Imagine not being able to sit on your front porch for fear of inhaling toxic chemicals produced by dozens of natural gas wells and facilities surrounding your property. Sadly, this is the case for many Texas families living along the Eagle Ford Shale. With little regulation and little known about the amount of chemicals pouring from the more than 7,000 wells in the area, it is no wonder serious questions are being raised about the health and safety risks associated with hydraulic fracturing. 

Hydraulic fracturing injects millions of gallons of water, sand and chemicals at high pressures as far as 10,000 feet into the ground. This special sauce of chemicals, whose contents oil and gas companies refuse to disclose to the public, cause cracks in the rock layer allowing the natural gas from the shale to flow up to the surface. 

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While no one disputes oil and gas development play an important role in our nation’s current energy economy, most of the economic gains are short term, and go primarily to leaseholders, shareholders, and equipment and chemical suppliers. Meanwhile, communities where fracking takes place risk spills, derailments, or even earthquakes, any of which can be disastrous for the local economy. 

Right now, oil and gas companies can utilize hydraulic fracturing in our national parks, forests and wilderness areas – threatening hundreds of millions of acres we all collectively share, and a great many businesses rely on. The only way to prevent the detrimental environmental impact of fracking and avoid the health and safety concerns is to halt fracking entirely on our public lands.  

The Protect Our Public Lands Act, currently being considered in Congress, would do just that, by prohibiting fracking all public lands. America’s natural treasures must be protected from further exploitation by the gas and oil industry – there’s too much at risk environmentally and economically if we don’t. 

We know from hundreds of peer-reviewed studies that shale development, including fracking and other well stimulation techniques, threatens our air, water, and public health. At the same time, the carbon content of the fuels, and any methane released during the process, contribute heavily to climate change. And climate change is already posing a number of risks to the business community, including supply chain disruptions, damaged infrastructure, crop losses, increased insurance and health care costs – the list goes on and on. 

And as with any finite extracted resource throughout history – oil, coal, even gold – once it’s gone, the communities that relied on it suffer immensely. In the meantime, the costs associated with fracking – expanded public and emergency services, infrastructure maintenance, and environmental clean-ups – are paid for with tax dollars from consumers and businesses.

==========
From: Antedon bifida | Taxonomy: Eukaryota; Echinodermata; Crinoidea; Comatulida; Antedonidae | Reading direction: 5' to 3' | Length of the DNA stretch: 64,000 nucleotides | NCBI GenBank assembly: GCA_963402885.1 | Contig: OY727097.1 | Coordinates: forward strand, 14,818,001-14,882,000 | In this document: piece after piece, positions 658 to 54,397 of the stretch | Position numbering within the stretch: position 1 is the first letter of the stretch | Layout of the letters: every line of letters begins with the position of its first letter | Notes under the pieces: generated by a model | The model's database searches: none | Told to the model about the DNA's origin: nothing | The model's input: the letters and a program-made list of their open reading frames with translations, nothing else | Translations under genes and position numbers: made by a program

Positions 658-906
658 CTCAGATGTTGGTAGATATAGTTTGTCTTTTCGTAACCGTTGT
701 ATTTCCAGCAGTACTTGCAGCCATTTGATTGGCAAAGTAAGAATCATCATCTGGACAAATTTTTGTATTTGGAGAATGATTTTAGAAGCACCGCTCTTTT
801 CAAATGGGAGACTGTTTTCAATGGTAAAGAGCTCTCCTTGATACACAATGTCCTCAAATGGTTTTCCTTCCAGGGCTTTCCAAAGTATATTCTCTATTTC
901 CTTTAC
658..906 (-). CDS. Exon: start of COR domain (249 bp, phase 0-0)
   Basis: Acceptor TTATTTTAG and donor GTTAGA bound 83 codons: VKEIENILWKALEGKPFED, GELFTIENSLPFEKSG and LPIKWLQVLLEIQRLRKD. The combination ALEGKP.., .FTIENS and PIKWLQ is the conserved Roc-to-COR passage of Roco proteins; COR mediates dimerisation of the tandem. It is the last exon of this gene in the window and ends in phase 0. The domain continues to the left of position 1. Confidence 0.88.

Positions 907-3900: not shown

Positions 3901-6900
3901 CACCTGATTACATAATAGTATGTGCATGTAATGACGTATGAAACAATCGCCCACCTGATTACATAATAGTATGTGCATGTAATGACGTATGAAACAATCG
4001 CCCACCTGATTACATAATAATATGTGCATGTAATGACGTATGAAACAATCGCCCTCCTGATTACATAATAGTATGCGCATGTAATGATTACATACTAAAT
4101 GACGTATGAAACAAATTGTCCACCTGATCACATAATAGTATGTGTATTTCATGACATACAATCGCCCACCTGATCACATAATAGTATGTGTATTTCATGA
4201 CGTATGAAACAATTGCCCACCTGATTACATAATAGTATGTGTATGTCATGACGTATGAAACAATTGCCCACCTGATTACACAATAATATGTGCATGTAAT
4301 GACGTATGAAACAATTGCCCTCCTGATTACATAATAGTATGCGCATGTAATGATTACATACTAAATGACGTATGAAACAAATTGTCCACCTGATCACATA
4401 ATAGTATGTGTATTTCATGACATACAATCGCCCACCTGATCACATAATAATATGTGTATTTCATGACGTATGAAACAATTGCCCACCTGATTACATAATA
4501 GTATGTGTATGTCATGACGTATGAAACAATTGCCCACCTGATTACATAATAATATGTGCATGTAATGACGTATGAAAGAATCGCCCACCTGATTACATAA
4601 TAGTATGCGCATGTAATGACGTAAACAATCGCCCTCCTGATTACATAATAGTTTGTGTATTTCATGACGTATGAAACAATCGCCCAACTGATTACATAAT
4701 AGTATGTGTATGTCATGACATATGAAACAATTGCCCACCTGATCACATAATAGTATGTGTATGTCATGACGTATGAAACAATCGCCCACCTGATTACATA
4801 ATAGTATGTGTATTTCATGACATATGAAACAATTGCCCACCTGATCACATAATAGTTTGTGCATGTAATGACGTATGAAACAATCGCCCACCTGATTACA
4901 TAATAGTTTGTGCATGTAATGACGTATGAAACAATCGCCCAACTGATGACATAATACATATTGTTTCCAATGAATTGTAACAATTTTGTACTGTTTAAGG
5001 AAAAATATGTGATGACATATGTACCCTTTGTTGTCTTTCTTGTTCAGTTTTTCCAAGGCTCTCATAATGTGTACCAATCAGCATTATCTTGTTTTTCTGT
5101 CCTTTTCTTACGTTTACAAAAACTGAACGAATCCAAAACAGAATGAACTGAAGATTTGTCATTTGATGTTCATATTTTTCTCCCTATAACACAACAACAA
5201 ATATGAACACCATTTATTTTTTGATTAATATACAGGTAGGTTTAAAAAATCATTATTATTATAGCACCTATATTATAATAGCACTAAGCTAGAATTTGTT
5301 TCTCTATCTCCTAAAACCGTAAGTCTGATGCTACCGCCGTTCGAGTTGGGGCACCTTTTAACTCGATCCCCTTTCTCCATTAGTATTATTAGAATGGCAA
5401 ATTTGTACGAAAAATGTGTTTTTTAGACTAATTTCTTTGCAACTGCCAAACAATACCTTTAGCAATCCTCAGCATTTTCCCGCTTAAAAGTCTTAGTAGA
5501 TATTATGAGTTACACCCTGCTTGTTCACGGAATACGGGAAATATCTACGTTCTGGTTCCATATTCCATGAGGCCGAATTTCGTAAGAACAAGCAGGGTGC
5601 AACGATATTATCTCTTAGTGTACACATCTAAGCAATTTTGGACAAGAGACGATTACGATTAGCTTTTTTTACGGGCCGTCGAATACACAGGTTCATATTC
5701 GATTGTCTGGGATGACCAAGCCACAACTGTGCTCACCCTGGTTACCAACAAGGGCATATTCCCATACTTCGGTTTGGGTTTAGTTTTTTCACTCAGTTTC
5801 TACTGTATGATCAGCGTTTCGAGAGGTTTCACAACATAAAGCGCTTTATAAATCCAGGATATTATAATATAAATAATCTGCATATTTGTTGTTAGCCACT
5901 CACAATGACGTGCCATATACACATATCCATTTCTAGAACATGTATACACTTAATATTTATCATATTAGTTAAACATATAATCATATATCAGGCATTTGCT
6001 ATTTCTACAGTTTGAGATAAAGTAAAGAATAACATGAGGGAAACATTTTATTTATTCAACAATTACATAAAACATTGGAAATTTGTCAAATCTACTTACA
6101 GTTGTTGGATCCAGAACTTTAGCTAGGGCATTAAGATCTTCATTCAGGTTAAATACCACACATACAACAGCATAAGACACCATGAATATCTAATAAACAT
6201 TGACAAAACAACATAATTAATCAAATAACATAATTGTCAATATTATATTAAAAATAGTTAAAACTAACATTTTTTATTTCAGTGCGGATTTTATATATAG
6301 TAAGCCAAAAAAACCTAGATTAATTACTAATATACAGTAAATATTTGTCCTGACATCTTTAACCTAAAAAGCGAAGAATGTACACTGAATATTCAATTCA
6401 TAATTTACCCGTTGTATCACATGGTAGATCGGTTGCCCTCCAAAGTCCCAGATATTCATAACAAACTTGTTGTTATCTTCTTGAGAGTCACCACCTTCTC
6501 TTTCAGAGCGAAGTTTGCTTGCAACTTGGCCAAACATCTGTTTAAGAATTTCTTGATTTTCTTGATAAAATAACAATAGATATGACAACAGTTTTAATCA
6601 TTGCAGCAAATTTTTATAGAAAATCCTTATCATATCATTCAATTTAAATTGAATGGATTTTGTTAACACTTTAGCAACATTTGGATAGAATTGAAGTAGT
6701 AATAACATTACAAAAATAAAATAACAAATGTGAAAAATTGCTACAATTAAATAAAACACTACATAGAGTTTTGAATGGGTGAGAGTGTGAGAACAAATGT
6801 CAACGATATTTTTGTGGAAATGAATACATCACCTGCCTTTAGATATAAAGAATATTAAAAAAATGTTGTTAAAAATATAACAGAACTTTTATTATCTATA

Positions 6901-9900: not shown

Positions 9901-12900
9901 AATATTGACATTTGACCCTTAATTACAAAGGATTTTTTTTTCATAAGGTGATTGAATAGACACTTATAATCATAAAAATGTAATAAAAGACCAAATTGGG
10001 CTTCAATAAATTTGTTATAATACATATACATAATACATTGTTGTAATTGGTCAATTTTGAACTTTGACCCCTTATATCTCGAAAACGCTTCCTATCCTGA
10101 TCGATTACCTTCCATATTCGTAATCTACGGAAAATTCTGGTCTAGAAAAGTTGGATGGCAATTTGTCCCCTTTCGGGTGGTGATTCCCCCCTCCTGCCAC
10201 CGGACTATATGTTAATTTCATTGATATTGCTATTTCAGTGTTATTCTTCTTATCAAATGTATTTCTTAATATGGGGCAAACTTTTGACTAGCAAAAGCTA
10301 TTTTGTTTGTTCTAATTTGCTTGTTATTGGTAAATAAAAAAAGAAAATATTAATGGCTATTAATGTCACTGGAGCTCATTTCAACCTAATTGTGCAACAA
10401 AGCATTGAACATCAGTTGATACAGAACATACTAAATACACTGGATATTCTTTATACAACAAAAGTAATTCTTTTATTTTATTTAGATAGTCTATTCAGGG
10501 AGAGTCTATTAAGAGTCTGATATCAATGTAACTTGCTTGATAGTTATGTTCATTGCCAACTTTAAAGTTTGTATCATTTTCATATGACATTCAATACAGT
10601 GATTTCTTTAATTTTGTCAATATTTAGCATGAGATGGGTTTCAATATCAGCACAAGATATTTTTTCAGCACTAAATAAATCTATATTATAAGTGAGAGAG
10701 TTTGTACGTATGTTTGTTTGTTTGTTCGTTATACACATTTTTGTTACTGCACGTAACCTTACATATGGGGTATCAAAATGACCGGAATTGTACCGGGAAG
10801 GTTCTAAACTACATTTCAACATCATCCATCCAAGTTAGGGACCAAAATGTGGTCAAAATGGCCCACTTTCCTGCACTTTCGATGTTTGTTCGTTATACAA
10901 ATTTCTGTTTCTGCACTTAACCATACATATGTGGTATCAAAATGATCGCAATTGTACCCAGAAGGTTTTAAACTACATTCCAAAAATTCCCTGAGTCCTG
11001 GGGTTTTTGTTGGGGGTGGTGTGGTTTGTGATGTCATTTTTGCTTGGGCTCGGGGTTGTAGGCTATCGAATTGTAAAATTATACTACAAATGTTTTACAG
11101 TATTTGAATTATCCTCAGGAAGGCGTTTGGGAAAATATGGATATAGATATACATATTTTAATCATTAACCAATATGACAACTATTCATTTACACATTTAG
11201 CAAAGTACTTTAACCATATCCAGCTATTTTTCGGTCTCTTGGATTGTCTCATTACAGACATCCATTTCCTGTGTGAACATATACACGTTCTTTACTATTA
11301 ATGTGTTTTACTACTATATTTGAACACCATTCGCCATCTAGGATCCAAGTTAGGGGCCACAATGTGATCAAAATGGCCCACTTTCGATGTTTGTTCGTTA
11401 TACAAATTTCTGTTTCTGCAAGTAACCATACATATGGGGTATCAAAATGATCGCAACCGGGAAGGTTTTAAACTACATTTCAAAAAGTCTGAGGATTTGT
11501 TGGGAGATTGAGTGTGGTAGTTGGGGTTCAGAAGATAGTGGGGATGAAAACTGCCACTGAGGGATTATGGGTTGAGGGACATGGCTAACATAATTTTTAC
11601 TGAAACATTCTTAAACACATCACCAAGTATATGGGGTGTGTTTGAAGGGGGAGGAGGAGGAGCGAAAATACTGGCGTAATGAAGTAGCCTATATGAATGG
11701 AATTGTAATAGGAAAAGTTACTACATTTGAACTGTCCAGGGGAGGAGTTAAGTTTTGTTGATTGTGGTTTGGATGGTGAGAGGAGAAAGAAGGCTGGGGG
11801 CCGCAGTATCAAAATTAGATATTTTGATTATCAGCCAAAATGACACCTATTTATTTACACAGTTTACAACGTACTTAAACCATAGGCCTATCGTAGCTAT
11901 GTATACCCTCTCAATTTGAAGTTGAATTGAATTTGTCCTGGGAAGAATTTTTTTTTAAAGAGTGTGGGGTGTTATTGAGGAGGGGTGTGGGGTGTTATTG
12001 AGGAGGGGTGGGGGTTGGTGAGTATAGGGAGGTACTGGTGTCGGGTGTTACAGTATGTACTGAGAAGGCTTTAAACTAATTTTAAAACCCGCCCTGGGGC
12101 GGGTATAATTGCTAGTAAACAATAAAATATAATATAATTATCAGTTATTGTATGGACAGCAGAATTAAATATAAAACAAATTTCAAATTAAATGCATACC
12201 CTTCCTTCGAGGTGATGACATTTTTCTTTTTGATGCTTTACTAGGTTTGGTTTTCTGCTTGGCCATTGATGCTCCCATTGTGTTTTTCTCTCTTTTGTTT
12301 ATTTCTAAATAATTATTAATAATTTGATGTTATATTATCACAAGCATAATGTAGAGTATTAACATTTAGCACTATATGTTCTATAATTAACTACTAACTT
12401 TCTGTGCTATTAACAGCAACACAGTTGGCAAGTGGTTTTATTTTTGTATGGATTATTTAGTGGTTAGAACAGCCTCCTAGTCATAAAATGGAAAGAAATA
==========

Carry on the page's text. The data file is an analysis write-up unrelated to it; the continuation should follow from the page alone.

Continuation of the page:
Fracking and related forms of oil and gas development pose a real threat to businesses across the country, impacting local and regional economies. In addition to its relationship to climate change, fracking directly threatens businesses not compatible with industrialized landscapes, such as farming, tourism, and outdoor recreation. Would you want to buy food from a farm that’s potentially been exposed to chemical-laden wastewater? 

Businesses want sustainable solutions to our climate and energy challenges, without sacrificing our public lands. Those lands contribute to overall quality of life throughout the U.S., to say nothing of the multi-billion dollar industries of outdoor recreation and tourism. Those lands are essential to attracting other businesses and retirees to locate nearby. 

This economic engine, and the hundreds of thousands of businesses it benefits, depends on beautiful, uncontaminated public lands, which are vital to the American economy. Fracking is simply incompatible with that. 

The fact is that fracking poses major long-term economic risks. It furthers our dependence on fossil fuels at the expense of clean energy sources, hampering our ability to address climate change, and putting local communities and businesses at risk. Fracking is not just an environmental issue, it’s an economic one, and it’s hitting far too close to home.

Pocan has represented Wisconsin’s 2nd Congressional District since 2013. He sits on the Budget and the Education and the Workforce committees. He is a member of the Safe Climate Caucus and also a small business owner.  Baum directs the Rethinking Fracking campaign for the American Sustainable Business Council, which has member organizations that span 200,000 businesses across the country.